[1] Philippe Bostrom, “Beads Found in 3,400-year-old Nordic Graves Were Made by King Tut’s Glassmaker,” March 9, 2016:

Sternwheeler majesty

Ron Verzuh, British Columbia Review, July 3, 2022

Review of: Connecting the Kootenays: The Kootenay Lake Ferries. A Hundred Years of Service, 1921-2020
by Michael A. Cone

Sternwheeler Majesty: A century of sailing the Kootenays on the “boats” that plied the region’s waterways

My childhood memory of the bygone era of sternwheelers on Kootenay waterways begins at the end of Michael Cone’s exhaustive pictorial account of the ferry system that tied the region’s mines, forests, and people together for 100 years.

I recall waiting on the shore of Kootenay Lake at Balfour on a hot summer’s day where the metal-hulled Anscomb would dock to take us across in our old 1951 Ford to Kootenay Bay on the eastern shore of the 60-mile-long lake.

It isn’t the largest, the cleanest or even the deepest of B.C.’s lakes, but it can fairly claim to be one of the most beautiful. And author Cone gives us plenty of visual and factual reasons why that is so. In fact, the large-sized book offers photographs, maps, and other helpful guides to assist in appreciating the age of the sternwheeler.

I never saw the Nasookin, the multi-decked early sternwheeler in the region, so seeing the extensive photo collection that featured it from many angles and eras was a special treat. Reading about its 16 years from 1931 to 1947 as the lake ferry, I could visualize its tall presence as it plied those waters, docking at small villages along the way.

There was a romantic feel to the Nasookin, and Cone spends much of the first half of his book sharing it with us. It was the largest of the “three queens” of the Kootenays, he writes. The other two were the Kuskanook and the Sicamous.

The CPR’s Nasookin about to land at Procter on her morning run to Kootenay Landing, circa 1918. Michael Cone collection
The CPR’s Nasookin about to land at Procter on her morning run to Kootenay Landing, circa 1918. Michael Cone collection

“Ranchers and homesteaders relied on elegant sternwheelers that regularly called at nearby landings for the mail, supplies and travel to and from Nelson,” Cone writes. His description extends to the early days of the automobile and motorists’ demands for better roads and faster ferries.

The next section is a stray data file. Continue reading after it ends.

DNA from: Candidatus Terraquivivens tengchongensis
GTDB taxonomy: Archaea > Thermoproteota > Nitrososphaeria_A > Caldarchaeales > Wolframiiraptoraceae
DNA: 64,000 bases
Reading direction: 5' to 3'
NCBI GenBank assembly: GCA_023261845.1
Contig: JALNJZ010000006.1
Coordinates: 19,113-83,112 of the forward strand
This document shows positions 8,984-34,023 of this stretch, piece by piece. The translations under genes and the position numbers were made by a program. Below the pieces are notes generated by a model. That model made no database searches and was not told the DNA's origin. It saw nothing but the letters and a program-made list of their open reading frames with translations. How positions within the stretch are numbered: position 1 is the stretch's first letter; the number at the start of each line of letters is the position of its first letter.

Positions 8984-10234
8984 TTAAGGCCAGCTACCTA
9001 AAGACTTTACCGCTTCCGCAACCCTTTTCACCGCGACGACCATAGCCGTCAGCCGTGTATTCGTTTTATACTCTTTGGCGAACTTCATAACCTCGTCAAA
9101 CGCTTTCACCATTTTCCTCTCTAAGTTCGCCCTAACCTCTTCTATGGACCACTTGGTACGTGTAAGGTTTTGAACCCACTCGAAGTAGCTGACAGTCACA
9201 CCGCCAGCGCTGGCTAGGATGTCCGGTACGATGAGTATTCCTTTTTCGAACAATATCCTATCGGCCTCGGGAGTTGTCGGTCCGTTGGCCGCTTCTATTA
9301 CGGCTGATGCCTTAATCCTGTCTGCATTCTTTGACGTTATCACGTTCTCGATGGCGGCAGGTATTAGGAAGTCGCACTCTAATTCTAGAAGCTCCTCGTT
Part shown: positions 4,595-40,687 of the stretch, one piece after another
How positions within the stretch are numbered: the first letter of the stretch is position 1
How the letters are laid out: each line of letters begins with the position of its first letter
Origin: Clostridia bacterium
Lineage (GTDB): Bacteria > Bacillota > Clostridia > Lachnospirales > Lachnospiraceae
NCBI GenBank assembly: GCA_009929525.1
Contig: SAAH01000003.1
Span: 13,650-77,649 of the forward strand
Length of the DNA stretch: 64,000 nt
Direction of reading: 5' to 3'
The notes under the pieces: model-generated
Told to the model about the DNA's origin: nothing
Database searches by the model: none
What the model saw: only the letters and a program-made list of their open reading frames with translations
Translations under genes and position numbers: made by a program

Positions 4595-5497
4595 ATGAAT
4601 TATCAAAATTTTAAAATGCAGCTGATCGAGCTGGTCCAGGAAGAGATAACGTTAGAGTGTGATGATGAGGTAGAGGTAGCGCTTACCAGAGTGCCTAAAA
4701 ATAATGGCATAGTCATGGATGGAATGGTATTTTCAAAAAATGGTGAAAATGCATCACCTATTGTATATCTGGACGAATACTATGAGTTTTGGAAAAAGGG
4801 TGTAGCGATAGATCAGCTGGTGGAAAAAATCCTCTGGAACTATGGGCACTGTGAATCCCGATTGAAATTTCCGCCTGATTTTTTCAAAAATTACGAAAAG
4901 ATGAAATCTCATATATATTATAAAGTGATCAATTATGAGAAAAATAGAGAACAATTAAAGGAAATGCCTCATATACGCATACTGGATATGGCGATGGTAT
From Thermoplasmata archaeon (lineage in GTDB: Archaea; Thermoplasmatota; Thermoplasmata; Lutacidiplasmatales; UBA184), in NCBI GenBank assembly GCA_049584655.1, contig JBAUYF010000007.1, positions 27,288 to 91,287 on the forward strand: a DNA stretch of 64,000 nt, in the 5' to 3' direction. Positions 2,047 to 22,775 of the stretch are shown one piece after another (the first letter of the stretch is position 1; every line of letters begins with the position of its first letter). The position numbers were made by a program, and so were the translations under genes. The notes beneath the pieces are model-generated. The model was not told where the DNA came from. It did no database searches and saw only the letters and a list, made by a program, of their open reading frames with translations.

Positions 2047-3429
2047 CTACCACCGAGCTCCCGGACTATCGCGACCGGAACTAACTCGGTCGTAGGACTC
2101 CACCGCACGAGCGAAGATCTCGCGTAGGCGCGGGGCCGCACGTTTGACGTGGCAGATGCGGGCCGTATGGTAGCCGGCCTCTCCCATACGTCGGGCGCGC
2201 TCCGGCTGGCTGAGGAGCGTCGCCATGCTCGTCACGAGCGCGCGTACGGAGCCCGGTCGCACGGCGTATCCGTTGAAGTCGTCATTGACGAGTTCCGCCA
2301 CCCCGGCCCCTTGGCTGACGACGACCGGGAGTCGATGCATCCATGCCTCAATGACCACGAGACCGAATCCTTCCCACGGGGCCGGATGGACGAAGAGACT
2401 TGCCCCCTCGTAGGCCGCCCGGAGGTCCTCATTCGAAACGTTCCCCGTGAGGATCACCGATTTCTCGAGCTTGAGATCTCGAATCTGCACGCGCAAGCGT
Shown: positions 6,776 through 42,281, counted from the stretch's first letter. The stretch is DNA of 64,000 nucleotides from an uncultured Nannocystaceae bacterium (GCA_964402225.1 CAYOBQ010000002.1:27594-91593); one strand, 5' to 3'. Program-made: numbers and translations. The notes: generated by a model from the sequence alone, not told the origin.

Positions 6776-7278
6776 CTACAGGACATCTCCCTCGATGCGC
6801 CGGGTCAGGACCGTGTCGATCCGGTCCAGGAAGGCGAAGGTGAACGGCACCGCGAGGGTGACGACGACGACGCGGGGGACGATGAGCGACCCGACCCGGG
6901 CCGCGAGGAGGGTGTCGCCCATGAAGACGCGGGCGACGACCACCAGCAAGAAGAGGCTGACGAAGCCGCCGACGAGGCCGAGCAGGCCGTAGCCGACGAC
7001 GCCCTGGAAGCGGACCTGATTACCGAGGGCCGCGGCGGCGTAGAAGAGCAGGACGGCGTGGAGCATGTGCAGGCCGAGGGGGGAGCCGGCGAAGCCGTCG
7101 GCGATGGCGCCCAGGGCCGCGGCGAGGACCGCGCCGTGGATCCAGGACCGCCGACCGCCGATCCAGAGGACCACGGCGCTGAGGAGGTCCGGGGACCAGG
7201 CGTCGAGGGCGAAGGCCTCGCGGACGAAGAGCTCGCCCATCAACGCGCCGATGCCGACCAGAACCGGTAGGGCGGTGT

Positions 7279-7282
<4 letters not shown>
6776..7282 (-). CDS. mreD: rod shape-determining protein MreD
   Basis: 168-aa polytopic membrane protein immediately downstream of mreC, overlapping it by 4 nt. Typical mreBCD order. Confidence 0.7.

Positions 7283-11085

Back in the 1890s, “two railway giants, the CPR (Canadian Pacific Railway) and the Great Northern, were locked together in a competitive bid to control the rail and steam lines serving the West Kootenays,” Cone explains. The CPR’s Kootenay and Columbia Railway eventually won that war and it transported silver hunters, gold diggers and settler families to the region with help from the Columbia and Kootenay Steam Navigation Company.

Cone documents the history of the ferries that connected the natural resources of the Kootenay-Columbia River systems to markets to the west and south when there was no other way to efficiently get there. His book necessarily covers capitalist development of region as well as its displacement of First Nations who had lived in the region for millennia.

The great sternwheelers represented progress in the old days and the book is chockablock full of statistics, marking each advance and inexorably each step toward the demise of the boats. Eventually their time would end as the Southern Highway tied the entire system together.

It is difficult to imagine today what passage on the lake boats would have been like, but Cone helps us do so. Passengers could enjoy the ride in a stateroom and enjoy meals in a well-equipped dining room. On deck, they could watch the crew of able mariners keeping the ship afloat, as Cone admiringly describes.

Male travellers enjoyed a smoking lounge while women could partake of “the long-standing practice of serving afternoon tea in the ladies parlour at three o’clock.” There were spittoons in the men’s lounge and an upright piano in the ladies.